Reviewed date: 2006 May 11
Ayn Rand's famed Atlas Shrugged is a vehicle for explaining her ethical philosophy of Objectivism. Objectivism holds intelligent, thinking life as its highest moral ideal: anything that prevents a man from achieving his full potential as a productive, rational agent is evil. Everything that promotes this cause is good.
Politically and economically, Objectivism demands a libertarian government and laissez-faire capitalism. Atlas Shrugged focuses on two characters--railroad tycoon Dagny Taggart and steel mogul Hank Rearden--as they struggle to run successful businesses in an economy hampered by a meddlesome socialist government. Taggart and Rearden succeed, and their industries keep the entire economy afloat, but both eventually confront the revelation that it is their efforts which are supporting a nation that views businessmen as thoroughly evil.
In the moral climate that permeates the world around Taggart and Rearden, earning profit is considered selfishly immoral. By contrast, Objectivism holds selfishness to be a virtue. By selfishness, Ayn Rand does not refer to the illogical thoughtlessness of the hedonist, but to deliberate, rational self-interest. For example: Hank Rearden helps Dagny Taggart out of a tight spot with a loan of $1 million, not out of altruism, but out of self-interest. Rearden understood that the failure of Taggart's railroad would trigger the collapse of the economy and his own steel industry, while Taggart's success would open up tremendous new business opportunities for him.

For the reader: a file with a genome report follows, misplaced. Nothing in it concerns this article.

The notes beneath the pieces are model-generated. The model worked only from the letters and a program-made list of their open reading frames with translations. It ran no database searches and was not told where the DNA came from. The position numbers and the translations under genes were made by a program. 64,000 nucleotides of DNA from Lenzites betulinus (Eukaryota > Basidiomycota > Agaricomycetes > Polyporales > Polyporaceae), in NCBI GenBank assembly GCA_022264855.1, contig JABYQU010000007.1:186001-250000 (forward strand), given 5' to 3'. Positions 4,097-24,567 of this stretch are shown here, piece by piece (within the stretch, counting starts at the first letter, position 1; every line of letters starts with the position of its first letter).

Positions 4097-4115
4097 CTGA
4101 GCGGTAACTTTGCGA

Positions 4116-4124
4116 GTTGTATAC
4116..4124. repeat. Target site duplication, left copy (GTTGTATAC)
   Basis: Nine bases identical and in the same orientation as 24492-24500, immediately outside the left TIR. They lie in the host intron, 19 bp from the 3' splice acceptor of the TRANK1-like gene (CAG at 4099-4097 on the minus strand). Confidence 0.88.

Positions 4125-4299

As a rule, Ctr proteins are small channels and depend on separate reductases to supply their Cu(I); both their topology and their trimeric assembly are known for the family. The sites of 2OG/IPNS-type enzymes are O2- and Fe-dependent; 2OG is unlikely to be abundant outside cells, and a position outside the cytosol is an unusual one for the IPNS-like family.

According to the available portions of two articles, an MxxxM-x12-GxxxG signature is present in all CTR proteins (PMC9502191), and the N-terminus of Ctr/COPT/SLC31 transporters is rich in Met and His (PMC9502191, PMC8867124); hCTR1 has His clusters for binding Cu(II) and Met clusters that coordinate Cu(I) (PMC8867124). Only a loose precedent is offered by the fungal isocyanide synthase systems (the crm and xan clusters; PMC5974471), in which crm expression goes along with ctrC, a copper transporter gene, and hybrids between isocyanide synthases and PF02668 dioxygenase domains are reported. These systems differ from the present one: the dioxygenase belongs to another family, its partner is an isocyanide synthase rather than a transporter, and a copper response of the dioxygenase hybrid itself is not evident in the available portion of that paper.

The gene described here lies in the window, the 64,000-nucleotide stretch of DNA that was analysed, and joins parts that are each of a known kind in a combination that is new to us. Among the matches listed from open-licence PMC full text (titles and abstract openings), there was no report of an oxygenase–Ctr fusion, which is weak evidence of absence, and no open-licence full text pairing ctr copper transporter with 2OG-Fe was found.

While Objectivism is often equated with laissez-faire capitalism, it is more correct to say that laissez-faire capitalism is only one consequence of Objectivism. Objectivism encompasses all aspects of relationships between men, including personal non-business relationships.
Atlas Shrugged is over 1000 pages long. I found two sections tedious: the first 100 pages of Part III, and the 55 pages of John Galt's speech. Ayn Rand uses those sections to present and explain Objectivism, so they are only slightly more exciting than a philosophy textbook. As a novel, Atlas Shrugged rates only fair; considering it for what it is, I rate Atlas Shrugged a solid 4 out of 5.